In Cold Blood

Cold Blood’ focus of state program
February 3, 2008
Roy Bird thinks all Kansans should read “In Cold Blood.” It is, after all, one of the most famous books set in the Sunflower State.
Owners put Clutter House on the market
August 30, 2006
The site of the infamous Clutter family murders near Garden City is up for sale.
Blood’ work
Capote’ director searches for deeper truth to story chronicling the state’s most infamous murders
November 11, 2005
Truman Capote often bragged that while investigating the events that inspired the true crime novel “In Cold Blood,” he possessed a “94 percent recall of all conversation.”
Hollywood bypasses Kansas on dual Capote projects
April 9, 2005
Whether it involves mammoth meteors hitting the earth or underwater animated tales, Hollywood studios often come up with the same ideas at the same time. This year’s coincidental project involves writer Truman Capote. Two large-scale productions are under way that focus on Capote’s research in small-town Kansas for his signature work, “In Cold Blood.”
In the end, just a home
A house with a history of murder finds new life
April 6, 2005
Space is one of the things Donna Mader likes best about her house. So much in fact, that when she moved there in 1990, she hardly knew how to fill it all. Having been cramped with six children into a smaller place on the main highway for years, Donna simply didn’t have enough stuff.
Death penalty: Kansans continue to debate capital punishment decades later
April 6, 2005
In the days when the West was being won, frontier justice often was meted with a rope at the nearest tree, eliminating the complexities of judge and jury.
Beyond the fame: Holcomb has changed much from the time Capote wrote his book
April 6, 2005
In the opening paragraphs of “In Cold Blood,” Truman Capote wrote: “Until one morning in mid-November of 1959, few Americans — in fact, few Kansans — had ever heard of Holcomb.”
Composite character becomes hero
A KBI agent’s story
April 5, 2005
One of the most seasoned and decorated lawmen in Kansas history, Alvin Dewey Jr. was forever immortalized in Truman Capote’s “In Cold Blood.”
Garden City officer forgotten in Capote’s book
April 5, 2005
Even today, it’s hard to find a man more respected here than Rich Rohleder, Garden City’s assistant police chief in 1959.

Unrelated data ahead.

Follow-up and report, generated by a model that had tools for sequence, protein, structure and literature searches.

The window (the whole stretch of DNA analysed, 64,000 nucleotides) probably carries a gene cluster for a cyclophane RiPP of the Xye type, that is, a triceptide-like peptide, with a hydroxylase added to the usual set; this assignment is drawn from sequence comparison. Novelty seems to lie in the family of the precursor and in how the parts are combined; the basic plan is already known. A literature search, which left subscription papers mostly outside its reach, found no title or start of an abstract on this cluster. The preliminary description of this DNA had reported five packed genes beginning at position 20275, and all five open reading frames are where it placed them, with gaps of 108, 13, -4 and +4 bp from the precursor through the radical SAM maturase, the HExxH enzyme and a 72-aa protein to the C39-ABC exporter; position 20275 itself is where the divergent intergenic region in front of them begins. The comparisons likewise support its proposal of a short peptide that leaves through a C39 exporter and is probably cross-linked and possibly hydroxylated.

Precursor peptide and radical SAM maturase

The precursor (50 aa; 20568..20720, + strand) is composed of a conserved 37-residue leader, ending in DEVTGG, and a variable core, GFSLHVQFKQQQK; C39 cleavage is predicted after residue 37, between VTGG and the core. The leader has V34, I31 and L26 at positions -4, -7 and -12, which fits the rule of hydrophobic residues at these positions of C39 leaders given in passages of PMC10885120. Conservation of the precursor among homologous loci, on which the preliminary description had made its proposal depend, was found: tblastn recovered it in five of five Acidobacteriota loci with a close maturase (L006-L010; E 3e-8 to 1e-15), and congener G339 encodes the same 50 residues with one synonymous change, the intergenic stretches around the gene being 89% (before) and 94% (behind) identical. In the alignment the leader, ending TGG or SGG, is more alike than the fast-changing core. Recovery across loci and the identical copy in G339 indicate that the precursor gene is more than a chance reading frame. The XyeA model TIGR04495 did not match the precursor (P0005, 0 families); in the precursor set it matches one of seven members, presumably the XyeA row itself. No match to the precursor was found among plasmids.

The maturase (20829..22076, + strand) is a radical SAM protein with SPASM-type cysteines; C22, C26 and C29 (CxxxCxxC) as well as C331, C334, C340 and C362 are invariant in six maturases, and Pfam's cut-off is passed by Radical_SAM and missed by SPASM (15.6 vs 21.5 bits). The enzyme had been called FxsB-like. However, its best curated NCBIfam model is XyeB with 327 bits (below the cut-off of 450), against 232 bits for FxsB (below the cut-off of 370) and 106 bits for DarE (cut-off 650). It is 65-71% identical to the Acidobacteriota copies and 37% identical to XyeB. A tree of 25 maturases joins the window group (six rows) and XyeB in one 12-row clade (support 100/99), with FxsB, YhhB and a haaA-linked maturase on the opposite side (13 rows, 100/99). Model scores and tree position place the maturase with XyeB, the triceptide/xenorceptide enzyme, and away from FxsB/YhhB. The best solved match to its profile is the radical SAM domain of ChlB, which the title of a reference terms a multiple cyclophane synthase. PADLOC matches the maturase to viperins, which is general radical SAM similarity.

An outspoken critic
Former prosecutor says Capote misrepresented him
April 5, 2005
Beyond his solid 6-foot-4 frame, Duane West is a looming figure in Garden City.
Technology might have helped solve crime faster
April 5, 2005
It’s late afternoon and Finney County Sheriff Kevin Bascue guides his red Dodge Intrepid along a newly paved street. It’s been nearly 45 years since law enforcement agents descended on the Clutter family farm here on a chilly Sunday morning with a quadruple homicide on their hands.
Witness to execution
Prison director Charles McAtee recalls killers
April 5, 2005
Charles McAtee’s phone rang about 2 p.m.
Sisters, family: Surviving Clutter daughters hope to preserve their parents’ legacy
April 4, 2005
The scrapbooks and stories tell the family’s true history. Within three thick red binders are children’s photos, graduation announcements, tidbits of diaries, correspondence through the years and mementos of Herb and Bonnie Clutter’s family. Then there are the stories Beverly English, 65, has written about each of her parents — stories describing everything from what kind of music they enjoyed to how Bonnie would kill and pluck a chicken for dinner.
Brother, friends object to portrayal of Bonnie Clutter by Capote
April 4, 2005
It was his sister who they wrote about, don’t people understand that? It wasn’t some anonymous woman in an anonymous town who died an anonymous death. It was Howard Fox’s sister, Bonnie, older by three years, who loved playing with dolls as a child and studied nursing in college and became the most devoted mother he knew. It was his sister who was murdered at age 45 and then became a character in a nonfiction sensation.
Left behind: Man lives painful life in shadow of brother’s crime
April 4, 2005
What people notice about 67-year-old Walter Hickock isn’t his comfortable drawl, his arthritis-pained hands or the reflective way he sometimes seems to withdraw. People remark about Walter’s last name because they’ve heard about his brother, Dick, a notorious murderer.